The gall bladder is a small muscular pouch responsible for storing bile. Bile is produced by the liver and stored in the gall bladder until it is needed for digestion. When food enters the small intestine, the gall bladder releases bile into the digestive system to help break down fats. Therefore, the gall bladder is the correct answer in this case.

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  • 8. 

    The process that changes food into forms the body can use is called 

    • A.

      Respiration 

    • B.

      Circulation 

    • C.

      Digestion

    • D.

      Nervous

    Correct Answer
    C. Digestion
    Explanation
    Digestion is the correct answer because it refers to the process by which food is broken down into smaller molecules that can be absorbed and used by the body. This process occurs in the digestive system, where enzymes and acids break down food into nutrients that can be transported to cells and used for energy, growth, and repair. Respiration refers to the exchange of gases in the body, circulation refers to the movement of blood and nutrients through the body, and the nervous system is responsible for transmitting signals and coordinating bodily functions.

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  • 9. 

    The area where the carbohydrates first digested 

    • A.

      Stomach 

    • B.

      Mouth

    • C.

      Large intestine 

    • D.

      Small intestine 

    Correct Answer
    B. Mouth
    Explanation
    Carbohydrates are first digested in the mouth. When we eat food, our saliva contains an enzyme called amylase, which breaks down carbohydrates into smaller molecules. This process begins in the mouth as we chew and mix the food with saliva. The food then moves to the stomach, where digestion continues, but the primary breakdown of carbohydrates occurs in the mouth.

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  • 10. 

    Small intestine is longer than the large intestine.

    • A.

      True

    • B.

      False

    Correct Answer
    A. True
    Explanation
    The small intestine is longer than the large intestine because it is responsible for the majority of nutrient absorption in the digestive system. The small intestine is around 20 feet long in adults, while the large intestine is only about 5 feet long. The length of the small intestine allows for more surface area and time for the absorption of nutrients from digested food, while the large intestine primarily absorbs water and electrolytes. Therefore, the statement that the small intestine is longer than the large intestine is true.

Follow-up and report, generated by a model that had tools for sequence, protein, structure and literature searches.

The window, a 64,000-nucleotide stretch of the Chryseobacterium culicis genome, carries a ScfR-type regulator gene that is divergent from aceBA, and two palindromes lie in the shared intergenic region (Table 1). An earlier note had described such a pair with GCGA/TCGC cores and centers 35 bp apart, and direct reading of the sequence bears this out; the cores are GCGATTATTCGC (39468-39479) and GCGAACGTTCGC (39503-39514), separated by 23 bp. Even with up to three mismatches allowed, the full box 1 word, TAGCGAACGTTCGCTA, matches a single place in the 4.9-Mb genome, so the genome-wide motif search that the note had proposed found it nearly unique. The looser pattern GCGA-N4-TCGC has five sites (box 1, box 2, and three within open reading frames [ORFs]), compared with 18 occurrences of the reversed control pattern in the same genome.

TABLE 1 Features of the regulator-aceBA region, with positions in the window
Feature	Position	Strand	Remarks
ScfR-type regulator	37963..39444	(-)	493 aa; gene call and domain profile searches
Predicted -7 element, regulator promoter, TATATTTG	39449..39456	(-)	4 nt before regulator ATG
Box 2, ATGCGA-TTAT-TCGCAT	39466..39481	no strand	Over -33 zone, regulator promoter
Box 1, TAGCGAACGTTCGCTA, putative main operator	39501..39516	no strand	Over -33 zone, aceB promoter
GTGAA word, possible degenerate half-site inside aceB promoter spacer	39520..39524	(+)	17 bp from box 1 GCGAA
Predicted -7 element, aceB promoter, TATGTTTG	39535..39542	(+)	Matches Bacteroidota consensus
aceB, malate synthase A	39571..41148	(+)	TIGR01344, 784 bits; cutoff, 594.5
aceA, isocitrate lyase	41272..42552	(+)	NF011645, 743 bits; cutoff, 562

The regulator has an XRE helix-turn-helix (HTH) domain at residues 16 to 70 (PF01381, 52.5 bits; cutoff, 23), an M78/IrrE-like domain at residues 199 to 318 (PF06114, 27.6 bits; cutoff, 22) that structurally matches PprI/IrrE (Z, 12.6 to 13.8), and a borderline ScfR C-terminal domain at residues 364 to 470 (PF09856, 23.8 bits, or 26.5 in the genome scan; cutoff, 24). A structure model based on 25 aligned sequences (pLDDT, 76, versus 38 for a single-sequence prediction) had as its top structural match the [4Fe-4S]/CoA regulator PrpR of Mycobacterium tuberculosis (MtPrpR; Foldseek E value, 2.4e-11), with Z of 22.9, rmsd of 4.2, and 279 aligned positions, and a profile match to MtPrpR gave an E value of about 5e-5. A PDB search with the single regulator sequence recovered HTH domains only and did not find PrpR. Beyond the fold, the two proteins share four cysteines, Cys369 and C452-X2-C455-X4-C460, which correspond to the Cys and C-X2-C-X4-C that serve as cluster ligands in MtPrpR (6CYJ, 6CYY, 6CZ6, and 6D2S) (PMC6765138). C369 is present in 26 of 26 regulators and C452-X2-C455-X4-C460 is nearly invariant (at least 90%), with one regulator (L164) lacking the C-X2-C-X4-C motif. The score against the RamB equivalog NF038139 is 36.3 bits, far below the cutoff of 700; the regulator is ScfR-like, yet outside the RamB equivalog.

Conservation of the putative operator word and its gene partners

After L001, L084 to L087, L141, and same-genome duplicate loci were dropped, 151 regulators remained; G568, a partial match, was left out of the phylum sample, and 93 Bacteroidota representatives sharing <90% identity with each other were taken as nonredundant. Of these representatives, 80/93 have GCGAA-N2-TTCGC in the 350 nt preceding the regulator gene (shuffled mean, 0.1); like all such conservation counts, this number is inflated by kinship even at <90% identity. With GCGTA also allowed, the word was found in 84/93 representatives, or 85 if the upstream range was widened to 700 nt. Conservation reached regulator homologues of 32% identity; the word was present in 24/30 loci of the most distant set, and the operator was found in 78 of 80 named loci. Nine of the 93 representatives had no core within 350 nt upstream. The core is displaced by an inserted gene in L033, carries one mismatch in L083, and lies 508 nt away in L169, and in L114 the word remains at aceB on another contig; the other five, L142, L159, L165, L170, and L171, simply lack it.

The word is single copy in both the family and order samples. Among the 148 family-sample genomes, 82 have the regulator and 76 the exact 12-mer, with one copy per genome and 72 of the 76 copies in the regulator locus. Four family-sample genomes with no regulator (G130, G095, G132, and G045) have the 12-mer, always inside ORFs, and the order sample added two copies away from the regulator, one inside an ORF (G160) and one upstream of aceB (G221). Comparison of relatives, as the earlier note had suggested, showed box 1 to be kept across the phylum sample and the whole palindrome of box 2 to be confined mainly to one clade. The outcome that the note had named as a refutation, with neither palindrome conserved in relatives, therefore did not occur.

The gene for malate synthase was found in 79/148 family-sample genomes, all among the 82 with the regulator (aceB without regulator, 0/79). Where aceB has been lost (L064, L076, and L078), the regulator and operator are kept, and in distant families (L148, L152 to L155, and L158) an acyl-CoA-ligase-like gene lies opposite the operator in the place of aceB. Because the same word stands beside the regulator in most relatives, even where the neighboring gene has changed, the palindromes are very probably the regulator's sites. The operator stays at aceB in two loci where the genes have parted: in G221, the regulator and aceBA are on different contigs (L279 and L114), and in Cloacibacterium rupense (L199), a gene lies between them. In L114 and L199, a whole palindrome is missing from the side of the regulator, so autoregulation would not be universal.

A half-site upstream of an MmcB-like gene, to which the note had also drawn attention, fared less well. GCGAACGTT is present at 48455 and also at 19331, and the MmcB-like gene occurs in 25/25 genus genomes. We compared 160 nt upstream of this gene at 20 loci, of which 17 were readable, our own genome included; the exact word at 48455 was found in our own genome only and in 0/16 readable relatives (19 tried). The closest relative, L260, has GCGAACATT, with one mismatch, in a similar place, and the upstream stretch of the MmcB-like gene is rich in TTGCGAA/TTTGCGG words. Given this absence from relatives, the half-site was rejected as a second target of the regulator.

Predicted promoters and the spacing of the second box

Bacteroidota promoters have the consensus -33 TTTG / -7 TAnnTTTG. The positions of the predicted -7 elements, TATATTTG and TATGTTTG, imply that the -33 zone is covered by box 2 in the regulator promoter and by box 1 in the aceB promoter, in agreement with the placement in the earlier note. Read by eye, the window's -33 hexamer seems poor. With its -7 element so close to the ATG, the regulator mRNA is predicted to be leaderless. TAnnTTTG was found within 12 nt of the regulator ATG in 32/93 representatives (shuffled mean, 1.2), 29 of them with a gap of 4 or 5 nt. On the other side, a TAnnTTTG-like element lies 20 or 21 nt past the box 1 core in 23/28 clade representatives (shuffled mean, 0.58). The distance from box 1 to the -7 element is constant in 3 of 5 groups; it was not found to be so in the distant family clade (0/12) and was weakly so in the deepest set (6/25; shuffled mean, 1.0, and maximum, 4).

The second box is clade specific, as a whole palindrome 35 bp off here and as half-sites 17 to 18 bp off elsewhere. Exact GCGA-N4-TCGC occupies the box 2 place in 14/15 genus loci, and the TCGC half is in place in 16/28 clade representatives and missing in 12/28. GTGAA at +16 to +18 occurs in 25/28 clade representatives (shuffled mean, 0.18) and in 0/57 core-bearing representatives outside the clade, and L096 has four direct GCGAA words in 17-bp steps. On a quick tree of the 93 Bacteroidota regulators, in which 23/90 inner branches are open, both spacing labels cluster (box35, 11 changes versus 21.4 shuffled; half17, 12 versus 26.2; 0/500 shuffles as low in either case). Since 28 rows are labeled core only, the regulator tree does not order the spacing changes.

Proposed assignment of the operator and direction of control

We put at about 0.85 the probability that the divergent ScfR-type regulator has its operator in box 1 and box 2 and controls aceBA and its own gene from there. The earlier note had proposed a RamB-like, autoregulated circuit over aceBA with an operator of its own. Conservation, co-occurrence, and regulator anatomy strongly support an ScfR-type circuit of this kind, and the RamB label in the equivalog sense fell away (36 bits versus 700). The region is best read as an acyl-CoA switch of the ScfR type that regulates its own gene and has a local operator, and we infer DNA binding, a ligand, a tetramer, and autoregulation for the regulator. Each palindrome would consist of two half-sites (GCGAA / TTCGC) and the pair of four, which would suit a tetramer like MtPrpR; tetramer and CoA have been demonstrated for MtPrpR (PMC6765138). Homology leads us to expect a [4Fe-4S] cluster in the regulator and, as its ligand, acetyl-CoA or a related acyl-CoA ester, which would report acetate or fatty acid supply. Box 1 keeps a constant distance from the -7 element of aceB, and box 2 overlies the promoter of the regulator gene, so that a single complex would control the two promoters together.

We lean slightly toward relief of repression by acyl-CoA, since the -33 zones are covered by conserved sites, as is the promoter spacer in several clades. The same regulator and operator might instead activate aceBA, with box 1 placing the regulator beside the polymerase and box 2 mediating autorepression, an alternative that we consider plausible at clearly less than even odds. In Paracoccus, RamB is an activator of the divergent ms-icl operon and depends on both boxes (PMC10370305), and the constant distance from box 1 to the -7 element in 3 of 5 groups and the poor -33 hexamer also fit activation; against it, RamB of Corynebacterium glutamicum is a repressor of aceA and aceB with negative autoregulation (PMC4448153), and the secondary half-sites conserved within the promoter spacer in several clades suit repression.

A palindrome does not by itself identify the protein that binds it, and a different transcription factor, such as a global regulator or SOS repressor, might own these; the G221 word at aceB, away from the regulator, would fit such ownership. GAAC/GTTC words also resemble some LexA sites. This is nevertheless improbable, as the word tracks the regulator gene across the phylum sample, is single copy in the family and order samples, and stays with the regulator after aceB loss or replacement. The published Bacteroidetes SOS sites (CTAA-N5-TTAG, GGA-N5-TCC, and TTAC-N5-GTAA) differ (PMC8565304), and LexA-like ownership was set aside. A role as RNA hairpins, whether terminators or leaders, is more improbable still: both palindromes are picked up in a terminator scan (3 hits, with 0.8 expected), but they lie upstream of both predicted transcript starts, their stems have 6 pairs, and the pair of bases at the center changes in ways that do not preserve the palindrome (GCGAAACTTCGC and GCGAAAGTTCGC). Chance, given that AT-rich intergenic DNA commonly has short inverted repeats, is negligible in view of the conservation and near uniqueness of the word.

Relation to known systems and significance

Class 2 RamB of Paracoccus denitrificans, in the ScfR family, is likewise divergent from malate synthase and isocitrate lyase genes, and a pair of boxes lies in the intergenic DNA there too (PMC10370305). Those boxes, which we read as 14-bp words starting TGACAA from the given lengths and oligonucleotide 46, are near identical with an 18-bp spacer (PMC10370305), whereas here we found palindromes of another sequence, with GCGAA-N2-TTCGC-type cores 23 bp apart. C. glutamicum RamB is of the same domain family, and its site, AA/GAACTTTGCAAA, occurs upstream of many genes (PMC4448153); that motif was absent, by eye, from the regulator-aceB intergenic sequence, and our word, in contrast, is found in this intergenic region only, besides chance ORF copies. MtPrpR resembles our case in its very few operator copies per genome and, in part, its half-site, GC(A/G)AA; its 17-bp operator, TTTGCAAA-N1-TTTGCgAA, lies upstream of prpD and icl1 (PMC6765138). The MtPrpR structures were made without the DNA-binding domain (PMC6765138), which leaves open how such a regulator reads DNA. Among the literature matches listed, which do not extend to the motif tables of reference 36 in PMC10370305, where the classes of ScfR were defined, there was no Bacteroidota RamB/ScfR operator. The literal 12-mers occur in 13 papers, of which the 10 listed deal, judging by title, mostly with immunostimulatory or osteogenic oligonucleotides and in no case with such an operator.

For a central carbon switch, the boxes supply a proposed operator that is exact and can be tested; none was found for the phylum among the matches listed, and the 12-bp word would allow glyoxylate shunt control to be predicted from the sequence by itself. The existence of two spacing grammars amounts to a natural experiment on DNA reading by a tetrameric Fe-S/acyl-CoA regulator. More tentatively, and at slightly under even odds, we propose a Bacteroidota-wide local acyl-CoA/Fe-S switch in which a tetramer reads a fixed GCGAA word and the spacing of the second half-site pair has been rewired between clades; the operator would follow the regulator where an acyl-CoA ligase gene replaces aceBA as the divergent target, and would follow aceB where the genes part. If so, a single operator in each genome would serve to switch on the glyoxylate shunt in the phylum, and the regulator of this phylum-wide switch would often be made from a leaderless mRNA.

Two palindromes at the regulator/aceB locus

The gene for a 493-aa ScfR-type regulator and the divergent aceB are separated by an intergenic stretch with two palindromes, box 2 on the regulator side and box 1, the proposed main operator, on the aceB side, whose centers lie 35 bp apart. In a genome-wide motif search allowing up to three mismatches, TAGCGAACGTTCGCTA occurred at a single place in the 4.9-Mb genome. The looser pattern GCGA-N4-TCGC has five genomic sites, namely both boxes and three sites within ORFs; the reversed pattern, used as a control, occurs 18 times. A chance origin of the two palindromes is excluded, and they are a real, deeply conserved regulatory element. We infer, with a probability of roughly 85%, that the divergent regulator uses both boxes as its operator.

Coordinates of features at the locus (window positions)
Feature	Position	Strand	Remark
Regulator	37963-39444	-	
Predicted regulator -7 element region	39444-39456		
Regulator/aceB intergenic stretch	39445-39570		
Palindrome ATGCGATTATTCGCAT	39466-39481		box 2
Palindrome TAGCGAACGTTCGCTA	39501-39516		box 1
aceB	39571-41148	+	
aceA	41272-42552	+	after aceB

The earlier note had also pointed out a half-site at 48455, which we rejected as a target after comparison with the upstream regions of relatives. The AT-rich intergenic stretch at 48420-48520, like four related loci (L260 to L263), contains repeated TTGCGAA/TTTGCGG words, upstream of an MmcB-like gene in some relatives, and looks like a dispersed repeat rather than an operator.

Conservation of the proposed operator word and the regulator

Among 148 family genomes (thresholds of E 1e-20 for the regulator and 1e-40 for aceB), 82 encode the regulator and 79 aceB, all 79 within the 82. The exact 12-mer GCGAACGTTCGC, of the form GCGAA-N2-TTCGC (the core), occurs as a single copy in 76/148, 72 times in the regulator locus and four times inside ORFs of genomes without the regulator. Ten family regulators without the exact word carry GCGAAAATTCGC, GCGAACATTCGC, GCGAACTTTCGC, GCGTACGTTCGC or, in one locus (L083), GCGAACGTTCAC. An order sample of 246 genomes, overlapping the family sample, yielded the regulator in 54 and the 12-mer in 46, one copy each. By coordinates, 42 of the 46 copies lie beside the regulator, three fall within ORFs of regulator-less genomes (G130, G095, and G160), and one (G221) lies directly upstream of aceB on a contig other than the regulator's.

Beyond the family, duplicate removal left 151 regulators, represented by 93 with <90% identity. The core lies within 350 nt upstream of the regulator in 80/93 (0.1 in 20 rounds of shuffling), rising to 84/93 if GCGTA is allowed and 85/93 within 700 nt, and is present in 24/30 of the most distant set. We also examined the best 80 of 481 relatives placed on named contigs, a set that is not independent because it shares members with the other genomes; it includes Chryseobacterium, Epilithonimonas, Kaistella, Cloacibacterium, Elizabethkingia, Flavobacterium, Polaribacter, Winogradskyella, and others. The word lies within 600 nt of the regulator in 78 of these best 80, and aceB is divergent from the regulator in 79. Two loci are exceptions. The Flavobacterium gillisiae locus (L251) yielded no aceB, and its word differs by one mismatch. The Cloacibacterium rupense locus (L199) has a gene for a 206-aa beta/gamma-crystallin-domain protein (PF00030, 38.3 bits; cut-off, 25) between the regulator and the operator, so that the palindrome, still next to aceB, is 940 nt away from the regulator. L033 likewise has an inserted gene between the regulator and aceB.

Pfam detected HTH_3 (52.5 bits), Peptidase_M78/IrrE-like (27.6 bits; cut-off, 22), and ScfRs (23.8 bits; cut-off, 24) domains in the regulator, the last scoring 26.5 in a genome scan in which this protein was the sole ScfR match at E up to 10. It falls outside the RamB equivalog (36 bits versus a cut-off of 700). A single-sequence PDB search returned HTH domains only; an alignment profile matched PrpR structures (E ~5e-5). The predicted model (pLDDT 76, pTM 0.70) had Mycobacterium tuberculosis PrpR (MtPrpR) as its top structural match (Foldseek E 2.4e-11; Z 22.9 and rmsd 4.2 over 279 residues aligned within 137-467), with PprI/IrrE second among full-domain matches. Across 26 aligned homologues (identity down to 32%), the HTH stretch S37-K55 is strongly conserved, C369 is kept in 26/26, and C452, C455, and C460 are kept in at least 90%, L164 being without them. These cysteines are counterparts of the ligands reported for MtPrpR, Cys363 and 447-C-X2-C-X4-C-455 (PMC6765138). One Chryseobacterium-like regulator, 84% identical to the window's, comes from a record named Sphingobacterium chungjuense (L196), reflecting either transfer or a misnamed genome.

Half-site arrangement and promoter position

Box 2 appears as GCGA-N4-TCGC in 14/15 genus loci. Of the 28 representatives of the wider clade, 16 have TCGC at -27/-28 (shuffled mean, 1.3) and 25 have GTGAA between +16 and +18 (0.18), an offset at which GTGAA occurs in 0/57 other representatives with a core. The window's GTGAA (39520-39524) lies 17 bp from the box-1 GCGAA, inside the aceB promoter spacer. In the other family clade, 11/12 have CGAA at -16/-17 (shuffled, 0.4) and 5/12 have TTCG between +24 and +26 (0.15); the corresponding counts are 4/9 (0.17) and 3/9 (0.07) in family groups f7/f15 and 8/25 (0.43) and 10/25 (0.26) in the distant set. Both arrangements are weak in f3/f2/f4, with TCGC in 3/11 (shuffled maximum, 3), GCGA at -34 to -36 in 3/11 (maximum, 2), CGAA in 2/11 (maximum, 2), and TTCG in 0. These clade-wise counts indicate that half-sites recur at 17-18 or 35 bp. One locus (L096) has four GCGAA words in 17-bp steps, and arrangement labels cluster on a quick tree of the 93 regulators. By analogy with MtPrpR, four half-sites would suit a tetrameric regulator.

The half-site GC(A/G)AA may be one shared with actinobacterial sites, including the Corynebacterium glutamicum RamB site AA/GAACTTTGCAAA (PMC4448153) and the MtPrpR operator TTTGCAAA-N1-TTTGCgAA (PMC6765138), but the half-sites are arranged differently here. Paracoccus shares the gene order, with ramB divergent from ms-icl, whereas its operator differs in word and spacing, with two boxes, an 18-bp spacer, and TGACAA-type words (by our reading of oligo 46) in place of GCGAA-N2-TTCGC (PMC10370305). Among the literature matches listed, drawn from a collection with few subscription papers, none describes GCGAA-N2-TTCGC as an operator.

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  • 11. 

    In this diagram number 7 is ......

    • A.

      Large intestine 

    • B.

      Small intestine 

    • C.

      Liver

    • D.

      Stomach 

    Correct Answer
    B. Small intestine 
    Explanation
    The diagram shows a long, coiled structure, which is characteristic of the small intestine. The small intestine is responsible for the majority of nutrient absorption in the digestive system. It receives partially digested food from the stomach and further breaks it down with the help of digestive enzymes. Therefore, based on the characteristics of the diagram, it can be concluded that number 7 represents the small intestine.

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  • 12. 

    The pink part in the diagram is......

    • A.

      Liver 

    • B.

      Small intestine 

    • C.

      Pancreas

    • D.

      Stomach

    Correct Answer
    D. Stomach
    Explanation
    The pink part in the diagram is the stomach. The stomach is an organ located in the upper abdomen, responsible for storing and breaking down food. It plays a crucial role in the digestion process by secreting gastric juices and enzymes that help in the breakdown of food particles. The stomach also contracts and relaxes to mix the food with these digestive juices, forming a semi-liquid substance called chyme.

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  • 13. 

    Which is not an accessory organ.

    • A.

      Esophagus 

    • B.

      Mouth 

    • C.

      Small intestine 

    • D.

      Stomach

    Correct Answer
    D. Stomach
    Explanation
    The stomach is not considered an accessory organ because it is a primary organ involved in the digestive system. It plays a crucial role in breaking down food and mixing it with digestive juices to initiate the process of digestion. On the other hand, the esophagus, mouth, and small intestine are accessory organs that assist in the digestion process but are not directly involved in the breakdown of food.

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  • 14. 

    Breaking down the food with the use of enzymes is known as chemical digestion.

    • A.